FFWD REW

Doomed love and cinnamon

Imperialism romance mix Before the Rains

Before the Rains is a love story set on a doomed course exploding just in time for monsoon season. Indian director and cinematographer Santosh Sivan’s English language debut takes us to the plantations of Kerala in 1937. Still under colonial rule the British Raj reign supreme and gain fortunes on the backs of Indian villagers. Henry Moores (Linus Roache) is one such man and upon discovering cinnamon on his property he sets out to make his fortune before the monsoon rains arrive.

Henry seeks help from his trusted servant and friend TK (Rahul Bose) to lead the project and act as the middleman between himself and the village. However Henry wants more than just cinnamon — he’s carrying on an illicit affair with one of his servants Sajani (Nandita Das). A tragedy is set in motion when two boys spy the lovers in secret. The village learns of Sajani’s adultery and seeks to discover the identity of her lover. TK finds himself caught between British loyalty and tribal duty. Things only get worse when Henry’s family arrives from England.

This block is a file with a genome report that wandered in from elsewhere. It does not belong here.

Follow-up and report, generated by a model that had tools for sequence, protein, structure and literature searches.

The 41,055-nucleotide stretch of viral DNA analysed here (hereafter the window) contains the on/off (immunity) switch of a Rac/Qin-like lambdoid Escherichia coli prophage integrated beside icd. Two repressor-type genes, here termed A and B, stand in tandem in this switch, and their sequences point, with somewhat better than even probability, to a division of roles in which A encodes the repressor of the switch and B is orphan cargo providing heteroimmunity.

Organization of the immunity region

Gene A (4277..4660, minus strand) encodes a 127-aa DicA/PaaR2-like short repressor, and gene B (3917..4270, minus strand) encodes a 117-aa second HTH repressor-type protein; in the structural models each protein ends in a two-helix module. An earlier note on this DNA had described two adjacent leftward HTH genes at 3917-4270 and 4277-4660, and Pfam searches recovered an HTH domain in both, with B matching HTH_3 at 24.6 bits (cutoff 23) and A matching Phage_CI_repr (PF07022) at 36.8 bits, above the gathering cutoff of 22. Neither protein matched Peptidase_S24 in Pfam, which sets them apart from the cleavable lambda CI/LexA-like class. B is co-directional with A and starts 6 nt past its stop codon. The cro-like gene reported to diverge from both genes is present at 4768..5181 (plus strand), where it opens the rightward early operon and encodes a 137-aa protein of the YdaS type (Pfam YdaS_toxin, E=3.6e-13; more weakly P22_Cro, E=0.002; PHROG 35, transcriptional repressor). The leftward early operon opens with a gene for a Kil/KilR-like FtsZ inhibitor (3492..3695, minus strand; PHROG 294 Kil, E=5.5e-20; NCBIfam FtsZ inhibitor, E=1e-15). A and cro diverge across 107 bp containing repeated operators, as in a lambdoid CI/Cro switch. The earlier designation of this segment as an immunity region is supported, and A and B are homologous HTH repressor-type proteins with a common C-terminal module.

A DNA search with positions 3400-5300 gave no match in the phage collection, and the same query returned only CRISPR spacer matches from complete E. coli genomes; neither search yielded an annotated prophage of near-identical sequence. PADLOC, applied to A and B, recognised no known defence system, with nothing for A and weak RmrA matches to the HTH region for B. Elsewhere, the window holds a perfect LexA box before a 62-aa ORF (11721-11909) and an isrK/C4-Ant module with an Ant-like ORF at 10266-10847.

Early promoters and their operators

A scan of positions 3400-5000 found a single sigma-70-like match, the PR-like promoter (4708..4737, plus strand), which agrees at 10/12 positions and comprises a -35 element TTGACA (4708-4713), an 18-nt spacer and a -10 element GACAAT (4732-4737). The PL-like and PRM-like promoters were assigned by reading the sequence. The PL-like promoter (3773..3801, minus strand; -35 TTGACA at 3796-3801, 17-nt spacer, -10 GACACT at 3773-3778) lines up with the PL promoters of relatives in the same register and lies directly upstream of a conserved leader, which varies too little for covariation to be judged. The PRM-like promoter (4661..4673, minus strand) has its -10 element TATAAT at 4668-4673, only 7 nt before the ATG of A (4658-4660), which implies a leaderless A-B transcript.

Sivan enriches the film with his keen visual detail and textured scenes giving a lush beauty to an otherwise stale melodrama. Sivan made his mark as a director in 1999 with the insightful and heartbreaking film The Terrorist. Unfortunately his latest effort doesn’t measure up to past successes.

Standout performances by Das and Bose bring humanity to their naive characters who trust the British and Henry more than they should. TK in particular represents a deeper level in the film by embodying the struggle of his people to take a side between British rule and Indian independence. Das and Bose are both veterans in the Indian film industry and they keep the film alive even when the entire audience can guess where the story is going.

Despite the predictable plot there is much to learn about colonial rule oppression and the lack of individual rights. The characters in Sivan’s film are victims of circumstance much like those in many Shakespearean tragedies where fate overrides choice and there are few options for an individual’s happiness.

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